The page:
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Il Giornale di Chirurgia

Does the Internet provide patients or clinicians with useful information regarding faecal incontinence? An observational study

Original Article, 71 - 76
doi: 11138/gchir/2018.39.2.071
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Abstract
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Background. The Internet has become an important platform for information communication. This study aim to investigate the utility of social media and search engines to disseminate faecal incontinence information.
Methods. We looked into Social media platforms and search engines. There was not a direct patient recruitment and any available information from patients was already on public domain at the time of search. A quantitative analysis of types and volumes of information regarding faecal incontinence was made.
Results. Twelve valid pages were identified on Facebook: 5 (41%) pages were advertising commercial incontinence products, 4 (33%) pages were dedicated to patients support groups and 3 (25%) pages provided healthcare information. Also we found 192 Facebook posts. On Twitter, 2890 tweets were found of which 51% tweets provided healthcare information; 675 (45%) were sent by healthcare professionals to patients, 530 tweets (35.3%) were between healthcare professionals, 201 tweets (13.4%) were from medical journals or scientific books and 103 tweets (7%) were from hospitals or clinics with information about events and meetings. The second commonest type of tweets was advertising commercial incontinence products 27%.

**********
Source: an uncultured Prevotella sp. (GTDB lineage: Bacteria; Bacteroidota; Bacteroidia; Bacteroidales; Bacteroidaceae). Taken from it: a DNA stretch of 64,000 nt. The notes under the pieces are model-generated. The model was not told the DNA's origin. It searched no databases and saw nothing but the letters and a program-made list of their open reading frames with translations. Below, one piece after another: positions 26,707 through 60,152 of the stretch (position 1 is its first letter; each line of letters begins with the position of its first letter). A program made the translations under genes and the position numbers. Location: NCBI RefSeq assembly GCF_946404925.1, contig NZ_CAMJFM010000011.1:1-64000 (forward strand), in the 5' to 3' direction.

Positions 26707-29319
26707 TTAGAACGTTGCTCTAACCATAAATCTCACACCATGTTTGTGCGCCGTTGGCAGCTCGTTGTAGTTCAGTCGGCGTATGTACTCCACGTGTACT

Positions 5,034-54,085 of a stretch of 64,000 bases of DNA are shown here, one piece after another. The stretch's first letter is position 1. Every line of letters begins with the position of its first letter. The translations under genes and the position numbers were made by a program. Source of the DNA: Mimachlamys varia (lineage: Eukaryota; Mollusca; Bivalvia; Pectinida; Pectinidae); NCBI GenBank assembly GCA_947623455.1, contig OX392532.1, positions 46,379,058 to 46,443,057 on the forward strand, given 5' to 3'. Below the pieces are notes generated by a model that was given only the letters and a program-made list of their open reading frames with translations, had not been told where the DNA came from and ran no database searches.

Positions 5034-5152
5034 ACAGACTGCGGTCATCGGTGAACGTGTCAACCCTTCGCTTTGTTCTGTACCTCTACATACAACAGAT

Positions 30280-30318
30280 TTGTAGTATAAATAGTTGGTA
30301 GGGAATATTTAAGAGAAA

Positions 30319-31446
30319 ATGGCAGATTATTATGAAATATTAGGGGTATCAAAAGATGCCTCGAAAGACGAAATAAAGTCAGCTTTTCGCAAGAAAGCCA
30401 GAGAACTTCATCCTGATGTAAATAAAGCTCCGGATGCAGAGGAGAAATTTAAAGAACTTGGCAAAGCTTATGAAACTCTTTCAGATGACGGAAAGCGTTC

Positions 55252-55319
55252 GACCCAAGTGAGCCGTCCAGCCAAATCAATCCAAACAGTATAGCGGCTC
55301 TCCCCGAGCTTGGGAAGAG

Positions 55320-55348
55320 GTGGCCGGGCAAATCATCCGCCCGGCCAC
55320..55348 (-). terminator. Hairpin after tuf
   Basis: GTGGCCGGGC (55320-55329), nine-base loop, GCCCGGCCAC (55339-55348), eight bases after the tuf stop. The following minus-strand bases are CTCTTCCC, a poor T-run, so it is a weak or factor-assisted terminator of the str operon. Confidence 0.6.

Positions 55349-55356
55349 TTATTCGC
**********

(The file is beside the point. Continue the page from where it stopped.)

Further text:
Patients tweeted to exchange information and advice between themselves (20.5%). In contrast, search engines as Google/Yahoo/Bing had a higher proportion of healthcare information (over 70%).
Conclusion. Internet appears to have potential to be a useful platform for patients to learn about faecal incontinence and share information; however, given one lack of focus of available data, patients may struggle to identify valid and useful information

Vol. XXXIX (No. 2) 2018 March-April

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    doi: 11138/gchir/2018.39.2.071
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  1. Does the Internet provide patients or clinicians with useful information regarding faecal incontinence? An observational study
    Leo C.A., Murphy J., Hodgkinson J.D., Vaizey C.J., Maeda Y.
    doi: 11138/gchir/2018.39.2.071
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